The point here is not that Scan Computers is a one-stop-shop for your IT. No. The company is more than that. They have the years of experience, the in-house expertise, and the product lines that you might need as your computing requirements in AI and Data Science grow. As your computing evolves, Scan supports your computing at each step.
Why do you need a Data Science Workstation?
For those who don’t have on-going projects in AI or data science, you may wonder how other companies are using these technologies. Imagine processes in your own organizations which rely on teams with expert knowledge to perform repetitive and time-consuming tasks. These could be good candidates for AI.
Workstation applications in CAD, design, and special effects address specific users in manufacturing, product development, film, etc. AI and data science, on the other hand, span broad ranges of industry. Here are a few examples.
In manufacturing, AI is being used to take computer vision and quality assurance to new levels. Financial institutions are using AI to detect fraudulent transactions. Telecommunication companies use AI to increase call clarity with AI-based noise reduction. Transmission infrastructure networks can be optimized for coverage and cost.
Retail companies face traditional challenges in inventory management, forecasting, and logistics. They apply technology to manage 100s of thousands of products in 10’s of thousands of stores. Healthcare companies are creating field-operable devices for DNA sequencing to allow discovery of pathogens more rapidly. And data science techniques are being applied to the development of drugs and vaccines.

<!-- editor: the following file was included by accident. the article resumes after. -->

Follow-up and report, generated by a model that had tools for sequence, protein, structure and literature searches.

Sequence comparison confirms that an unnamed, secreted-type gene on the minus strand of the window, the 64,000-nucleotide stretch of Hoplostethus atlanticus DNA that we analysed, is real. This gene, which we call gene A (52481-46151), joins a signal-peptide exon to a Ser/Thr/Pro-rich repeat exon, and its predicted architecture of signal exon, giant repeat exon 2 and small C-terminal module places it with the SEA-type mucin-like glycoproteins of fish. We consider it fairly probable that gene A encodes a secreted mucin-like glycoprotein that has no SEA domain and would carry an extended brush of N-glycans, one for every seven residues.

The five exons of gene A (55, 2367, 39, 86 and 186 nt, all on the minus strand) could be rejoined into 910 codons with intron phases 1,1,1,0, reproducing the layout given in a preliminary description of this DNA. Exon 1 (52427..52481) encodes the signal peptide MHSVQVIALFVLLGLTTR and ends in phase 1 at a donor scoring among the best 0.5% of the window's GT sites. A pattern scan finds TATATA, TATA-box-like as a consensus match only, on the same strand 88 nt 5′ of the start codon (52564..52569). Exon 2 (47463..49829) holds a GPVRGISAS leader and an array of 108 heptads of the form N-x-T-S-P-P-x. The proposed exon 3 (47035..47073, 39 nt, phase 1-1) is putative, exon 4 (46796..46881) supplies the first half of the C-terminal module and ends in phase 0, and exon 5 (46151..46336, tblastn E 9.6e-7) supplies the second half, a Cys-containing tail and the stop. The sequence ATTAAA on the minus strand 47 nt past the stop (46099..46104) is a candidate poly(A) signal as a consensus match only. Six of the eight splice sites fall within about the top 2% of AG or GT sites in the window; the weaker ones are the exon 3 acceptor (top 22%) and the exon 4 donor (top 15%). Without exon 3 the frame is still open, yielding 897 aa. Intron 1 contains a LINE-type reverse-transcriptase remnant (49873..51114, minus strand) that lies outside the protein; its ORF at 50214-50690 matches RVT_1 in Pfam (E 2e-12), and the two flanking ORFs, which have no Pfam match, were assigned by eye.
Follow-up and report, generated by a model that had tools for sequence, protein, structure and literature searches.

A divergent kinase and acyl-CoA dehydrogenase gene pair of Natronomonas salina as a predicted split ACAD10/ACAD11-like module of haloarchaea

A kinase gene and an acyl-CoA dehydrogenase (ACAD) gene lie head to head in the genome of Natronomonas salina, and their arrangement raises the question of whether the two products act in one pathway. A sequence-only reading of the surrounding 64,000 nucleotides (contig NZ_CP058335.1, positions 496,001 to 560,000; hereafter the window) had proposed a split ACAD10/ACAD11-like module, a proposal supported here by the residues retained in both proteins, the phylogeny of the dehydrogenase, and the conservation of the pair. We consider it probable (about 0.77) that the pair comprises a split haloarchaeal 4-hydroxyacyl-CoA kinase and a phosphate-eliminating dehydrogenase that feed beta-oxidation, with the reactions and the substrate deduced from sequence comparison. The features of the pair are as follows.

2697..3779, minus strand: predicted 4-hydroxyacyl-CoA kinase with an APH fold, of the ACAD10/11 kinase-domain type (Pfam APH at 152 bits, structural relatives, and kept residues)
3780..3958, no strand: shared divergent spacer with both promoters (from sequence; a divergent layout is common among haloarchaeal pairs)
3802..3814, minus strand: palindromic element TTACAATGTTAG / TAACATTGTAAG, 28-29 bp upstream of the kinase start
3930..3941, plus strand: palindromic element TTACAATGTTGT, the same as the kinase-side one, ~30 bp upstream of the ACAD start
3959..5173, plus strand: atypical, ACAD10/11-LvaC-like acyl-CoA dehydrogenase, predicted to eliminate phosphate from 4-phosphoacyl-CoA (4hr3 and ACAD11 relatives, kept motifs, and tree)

A Final Perspective
Data Science and AI technology is permeating many business sectors and is changing the competitive relationships between companies. These technologies impact domains as diverse as image recognition to natural language processing, visualization, video, smart cities, telecommunications, finance, and transportation.
Scan’s long-term investment in AI and data science means that they have built a team of experts to support your technology journey. And the company’s product range gives you a partner who can deliver workstation solutions for the office, servers for the data center, and virtualized computing for efficient computing access.
The data science workstation from Scan is designed with optimized, enterprise-grade hardware. The technology is balanced to deliver performance in machine learning and big data analytics.
The software stack includes the major tools needed for AI and data science. It is pre-installed and tested so that your team can be productive minutes after booting the system.
The Scan Data Science Workstation comes with experts pre-installed.
More than just fast hardware and preinstalled software, the Scan 3XS Data Science Workstation is a solution that combines Scan’s hardware, a complete set of software tools, and experts in AI and data science. It is a turnkey solution complete with experts to support you. Your team will be off to a fast start as well as having a partner for the rest of the AI and data science journey.